Co-worker quit? Maybe you'll get a raise

People are quitting their jobs as if it’s 2007, which may be good news for worker paychecks.

Almost 2.8 million Americans voluntarily left their employers in September, representing 57.5 percent of total separations, based on seasonally adjusted data from the Labor Department. This percentage is the highest since May 2007.

As a result, U.S. workers could see a boost to their paychecks next year amid the labor-market turnover, said Nicholas Colas, chief market strategist at Convergex Group, an institutional equity-trading broker in New York. There’s a “very clear” correlation between resignations and pay raises that should continue because “people quit their jobs for better working conditions or better wages.”

Wages rose 2.3 percent in the third quarter from the same period a year ago, the biggest 12-month jump in almost six years, data from the Labor Department show. Voluntary departures lead salary increases by about 15 months, Colas said.

People are emboldened to switch jobs as confidence in the economy rises, Kobe said. The share of Americans who say business conditions are “good” minus the share who say they are “bad” remains positive, based on data from the Conference Board, a New York research group. This differential – at 2.8 percentage points last month, down from 3 points in September – has been positive since June and is near levels last seen in 2007.

As people “vote with their feet and take another job at a higher pay,” this forces some managers to reassess how much they compensate employees, said John Challenger, chief executive officer of Chicago-based Challenger, Gray & Christmas Inc., a human-resources consulting company. Businesses are more willing to invest in their workforce as quits increase, he said.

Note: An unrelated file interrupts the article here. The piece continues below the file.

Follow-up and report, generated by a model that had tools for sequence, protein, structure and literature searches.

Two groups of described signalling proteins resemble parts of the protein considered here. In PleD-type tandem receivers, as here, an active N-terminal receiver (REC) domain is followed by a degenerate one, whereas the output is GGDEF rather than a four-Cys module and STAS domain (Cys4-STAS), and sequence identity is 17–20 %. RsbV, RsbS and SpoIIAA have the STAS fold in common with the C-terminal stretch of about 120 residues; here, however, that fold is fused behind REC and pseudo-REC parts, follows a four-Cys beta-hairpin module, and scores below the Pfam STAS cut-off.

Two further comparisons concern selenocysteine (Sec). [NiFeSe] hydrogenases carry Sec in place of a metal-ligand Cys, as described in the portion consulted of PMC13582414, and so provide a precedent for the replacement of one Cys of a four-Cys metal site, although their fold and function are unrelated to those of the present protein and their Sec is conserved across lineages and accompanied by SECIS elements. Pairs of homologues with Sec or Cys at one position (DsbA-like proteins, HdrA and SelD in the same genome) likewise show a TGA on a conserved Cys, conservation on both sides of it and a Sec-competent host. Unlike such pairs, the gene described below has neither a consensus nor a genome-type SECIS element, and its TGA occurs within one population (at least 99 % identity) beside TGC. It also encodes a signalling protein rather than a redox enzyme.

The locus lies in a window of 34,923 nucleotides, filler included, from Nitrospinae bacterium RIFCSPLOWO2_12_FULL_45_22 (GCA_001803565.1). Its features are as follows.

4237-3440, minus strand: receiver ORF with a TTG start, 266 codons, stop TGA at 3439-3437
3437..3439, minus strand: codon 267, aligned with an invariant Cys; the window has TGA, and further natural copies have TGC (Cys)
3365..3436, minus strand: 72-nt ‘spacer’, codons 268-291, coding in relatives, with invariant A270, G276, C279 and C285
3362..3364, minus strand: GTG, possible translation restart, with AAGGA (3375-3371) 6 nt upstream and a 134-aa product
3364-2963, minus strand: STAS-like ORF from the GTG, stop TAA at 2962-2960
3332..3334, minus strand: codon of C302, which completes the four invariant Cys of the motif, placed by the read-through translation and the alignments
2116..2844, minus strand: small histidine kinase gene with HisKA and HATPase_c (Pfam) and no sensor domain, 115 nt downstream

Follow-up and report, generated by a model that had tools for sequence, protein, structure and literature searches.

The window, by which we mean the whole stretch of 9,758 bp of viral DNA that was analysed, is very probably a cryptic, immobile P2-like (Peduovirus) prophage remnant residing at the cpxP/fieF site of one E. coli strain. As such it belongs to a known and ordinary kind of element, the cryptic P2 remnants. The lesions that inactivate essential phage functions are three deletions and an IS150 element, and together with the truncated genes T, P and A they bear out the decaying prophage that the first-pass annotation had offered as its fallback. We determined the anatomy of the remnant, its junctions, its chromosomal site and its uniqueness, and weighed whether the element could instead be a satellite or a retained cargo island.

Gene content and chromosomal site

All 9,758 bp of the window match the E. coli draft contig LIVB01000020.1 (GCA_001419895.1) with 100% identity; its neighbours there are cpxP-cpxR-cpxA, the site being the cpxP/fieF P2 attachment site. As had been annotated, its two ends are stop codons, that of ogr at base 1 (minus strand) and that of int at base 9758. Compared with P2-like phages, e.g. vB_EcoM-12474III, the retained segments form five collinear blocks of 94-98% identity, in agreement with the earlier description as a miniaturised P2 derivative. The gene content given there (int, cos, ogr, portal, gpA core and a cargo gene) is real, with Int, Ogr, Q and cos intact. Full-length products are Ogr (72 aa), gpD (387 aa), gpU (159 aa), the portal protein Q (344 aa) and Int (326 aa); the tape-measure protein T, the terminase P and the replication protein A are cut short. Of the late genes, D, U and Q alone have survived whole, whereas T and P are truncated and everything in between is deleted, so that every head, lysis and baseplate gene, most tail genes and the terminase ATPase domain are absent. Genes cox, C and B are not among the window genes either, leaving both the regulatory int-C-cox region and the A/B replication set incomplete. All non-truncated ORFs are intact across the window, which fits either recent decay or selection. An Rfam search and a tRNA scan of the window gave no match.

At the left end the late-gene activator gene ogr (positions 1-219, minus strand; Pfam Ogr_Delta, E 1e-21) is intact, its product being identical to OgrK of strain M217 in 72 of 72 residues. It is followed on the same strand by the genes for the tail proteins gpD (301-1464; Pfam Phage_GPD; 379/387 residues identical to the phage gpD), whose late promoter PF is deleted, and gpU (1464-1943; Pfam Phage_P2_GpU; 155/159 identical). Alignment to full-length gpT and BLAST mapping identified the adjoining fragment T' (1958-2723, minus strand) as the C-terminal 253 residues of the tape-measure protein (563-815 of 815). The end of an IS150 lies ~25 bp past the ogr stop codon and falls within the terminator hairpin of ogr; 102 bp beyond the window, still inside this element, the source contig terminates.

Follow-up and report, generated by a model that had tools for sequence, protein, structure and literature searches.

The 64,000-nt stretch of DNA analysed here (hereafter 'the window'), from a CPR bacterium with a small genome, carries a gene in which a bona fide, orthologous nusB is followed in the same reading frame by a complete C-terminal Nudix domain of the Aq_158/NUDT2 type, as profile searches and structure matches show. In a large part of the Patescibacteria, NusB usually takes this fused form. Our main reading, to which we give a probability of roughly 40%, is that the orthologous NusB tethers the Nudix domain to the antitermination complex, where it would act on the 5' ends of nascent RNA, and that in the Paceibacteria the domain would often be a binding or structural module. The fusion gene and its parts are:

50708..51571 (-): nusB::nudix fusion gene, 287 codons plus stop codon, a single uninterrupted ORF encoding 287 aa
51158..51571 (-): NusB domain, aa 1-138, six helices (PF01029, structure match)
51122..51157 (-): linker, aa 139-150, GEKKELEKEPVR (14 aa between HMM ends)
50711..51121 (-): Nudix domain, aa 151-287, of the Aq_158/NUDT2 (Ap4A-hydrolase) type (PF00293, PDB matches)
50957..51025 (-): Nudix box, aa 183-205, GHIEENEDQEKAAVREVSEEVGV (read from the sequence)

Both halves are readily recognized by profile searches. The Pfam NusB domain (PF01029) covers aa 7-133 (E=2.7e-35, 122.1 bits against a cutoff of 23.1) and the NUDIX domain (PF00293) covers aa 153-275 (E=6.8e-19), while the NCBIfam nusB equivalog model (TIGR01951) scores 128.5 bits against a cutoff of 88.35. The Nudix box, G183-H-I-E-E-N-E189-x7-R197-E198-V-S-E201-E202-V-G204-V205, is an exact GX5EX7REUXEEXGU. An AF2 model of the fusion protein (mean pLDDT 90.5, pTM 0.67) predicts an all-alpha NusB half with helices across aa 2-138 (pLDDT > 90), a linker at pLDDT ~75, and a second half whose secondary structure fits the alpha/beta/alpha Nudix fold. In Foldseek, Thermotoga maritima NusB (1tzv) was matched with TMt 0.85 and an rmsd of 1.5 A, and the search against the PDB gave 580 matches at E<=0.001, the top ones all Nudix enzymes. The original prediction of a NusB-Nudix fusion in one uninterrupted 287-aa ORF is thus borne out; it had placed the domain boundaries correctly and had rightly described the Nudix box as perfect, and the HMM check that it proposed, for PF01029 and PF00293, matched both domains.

Wage growth has been “stubbornly held back” in recent years, though there are signs of gains ahead as the U.S. economy gets “closer and closer to full employment,” Challenger said. Central-bank policymakers project the longer-run jobless rate is 5.2 percent to 5.5 percent, according to their central- tendency estimate released Sept. 17, which excludes the three highest and three lowest forecasts.

At this stage of the expansion, which began more than five years ago, there are more “healthy” indications the labor market has stabilized, Challenger said. The jobless rate fell to 5.8 percent last month, the lowest since 2008, from 5.9 percent in September, Labor Department figures show. Meanwhile, U.S. employers added an average of 228,500 workers to payrolls in January-October, up from 197,300 in the comparable period last year and the most since 1999.

While there isn’t any “immediate danger” for the U.S. economy, a slowdown that affects labor-market turnover and wage gains can be difficult to predict, Kobe said.

In addition, corporate profit margins remain at higher- than-average levels for this point in an expansion, which suggests some business leaders might not be willing to sacrifice earnings to add headcount, Colas said.